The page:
I actually got 'book-tagged' over on Yahoo 360, by my friend Missy
but I thought it would be fun to pass it on.
Here's the 'rules:
1. Grab the nearest book. If you are currently reading something, that'll be fine too.
2. Open the book to page 123.
3. Find the fifth sentence.
4. Post the text of the next 4 sentences on your Blog along with these instructions.
5. Don't you dare dig for that "cool" or "intellectual" book in your closet I know that is what you were thinking!
6. Tag 5 people
"Nine Months at Ground Zero" The Story of the Brotherhood of Workers Who Took on a Job like No Other by Glenn Stout,Charles Vitchers, and Robert Gray
"Before then,people would be in positions where they would hamper somebody else. For instance, when we were using the man basket to pick steel out of the South Tower, it was being handled from a crane with a 350-foot boom on Liberty Street. Con Edison and the Bureau of Water and Sewer Operations needed to get at the watermain that ran up Liberty Street and the gasmain, and shut them off. But the matting for the crane was in the wrong spot."
I just started reading this, so I wasn't even up to page 123 yet. How did I come across this book? Well, I always check out the New Non-Fiction section when we go to the library,lol. (can you say 'uber-geek'?)
For a summary: From Booklist
Although the attacks on the Twin Towers on 9/11 are etched into our consciousness, few of us understand the enormity of the task of the subsequent search and rescue and protracted debris removal. The shots of the site with the coming and going of trucks is the most any of us remember about the grueling cleanup project. As the men who originally built the towers, coauthors Charles Vitchers and Robert Gray were uniquely qualified to help. Unasked, they devoted nine months of their lives, not to mention the stress, sleep deprivation, and loss of family life that went along with it. The scale and complexity is nearly unfathomable: 400 million pounds of twisted steel; 600,000 square feet of thick shattered glass; and mountains of the trappings of office life, including chairs, desks, and other furnishings; all mixed with the scattered remains of almost 3,000 victims. Through this account of their heroic effort, beginning at the moment of first impact, we can begin to get a sense of what the men and women went through who dealt with the tragedy firsthand. David Siegfried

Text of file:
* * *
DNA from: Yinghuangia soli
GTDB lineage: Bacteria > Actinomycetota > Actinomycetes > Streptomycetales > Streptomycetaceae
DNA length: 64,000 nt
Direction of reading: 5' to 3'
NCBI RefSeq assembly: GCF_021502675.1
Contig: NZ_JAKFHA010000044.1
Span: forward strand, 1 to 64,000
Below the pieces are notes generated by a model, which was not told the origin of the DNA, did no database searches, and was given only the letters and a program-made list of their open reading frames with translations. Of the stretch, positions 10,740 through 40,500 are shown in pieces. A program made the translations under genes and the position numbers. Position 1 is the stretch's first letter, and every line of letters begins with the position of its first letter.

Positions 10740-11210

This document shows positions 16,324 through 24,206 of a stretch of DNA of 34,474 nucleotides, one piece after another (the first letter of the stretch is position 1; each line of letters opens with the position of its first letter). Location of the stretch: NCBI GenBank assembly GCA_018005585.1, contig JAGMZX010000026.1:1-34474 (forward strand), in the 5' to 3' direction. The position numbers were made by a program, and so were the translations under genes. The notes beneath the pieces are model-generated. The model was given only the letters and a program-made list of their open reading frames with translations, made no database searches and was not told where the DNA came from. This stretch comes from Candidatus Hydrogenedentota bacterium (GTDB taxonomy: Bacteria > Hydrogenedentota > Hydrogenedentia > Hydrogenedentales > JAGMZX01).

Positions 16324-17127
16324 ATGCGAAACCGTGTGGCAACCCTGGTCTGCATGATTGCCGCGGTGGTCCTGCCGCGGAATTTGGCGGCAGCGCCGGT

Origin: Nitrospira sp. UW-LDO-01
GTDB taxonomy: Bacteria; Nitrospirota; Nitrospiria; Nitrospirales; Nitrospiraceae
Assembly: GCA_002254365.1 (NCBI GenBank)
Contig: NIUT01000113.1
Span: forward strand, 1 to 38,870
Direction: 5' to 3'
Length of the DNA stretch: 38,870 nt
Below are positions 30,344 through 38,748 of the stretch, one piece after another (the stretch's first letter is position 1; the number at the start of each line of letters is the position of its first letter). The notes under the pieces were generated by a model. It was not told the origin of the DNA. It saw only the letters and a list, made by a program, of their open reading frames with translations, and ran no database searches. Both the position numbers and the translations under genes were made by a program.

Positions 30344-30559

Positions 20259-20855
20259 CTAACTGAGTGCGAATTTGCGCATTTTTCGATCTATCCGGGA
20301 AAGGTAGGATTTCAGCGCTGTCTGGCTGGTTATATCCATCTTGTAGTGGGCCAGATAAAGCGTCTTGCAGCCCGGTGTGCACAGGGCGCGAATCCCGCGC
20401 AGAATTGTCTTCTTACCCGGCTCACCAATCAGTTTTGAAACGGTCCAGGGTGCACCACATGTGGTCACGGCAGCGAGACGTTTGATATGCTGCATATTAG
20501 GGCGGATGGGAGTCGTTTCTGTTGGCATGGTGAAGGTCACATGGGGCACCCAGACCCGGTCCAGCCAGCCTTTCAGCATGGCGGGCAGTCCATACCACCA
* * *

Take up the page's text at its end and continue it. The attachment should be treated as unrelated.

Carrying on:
Copyright © American Library Association. All rights reserved
And now I need to 'book tag' 5 others.
and Terry's Timeout
(and you don't have to participate,lol, I just thought it would be interesting. I'm going to cross post this on the Mail Call! blog, since this is a 'private' blog...so you can link back to that one if you decide to play:)
UPDATE Thanks! for playing along
and ProudArmy Wife put this in the comments over on Mail Call!
"my book next to me only has 63 pages...lol I'd like to share what it say's "Realize that it's never too late. Do ordinary things in an extraordinary way. Have health and hope and happiness. Take the time to wish upon a star. And don't every forget---for even a day--- how very special you are."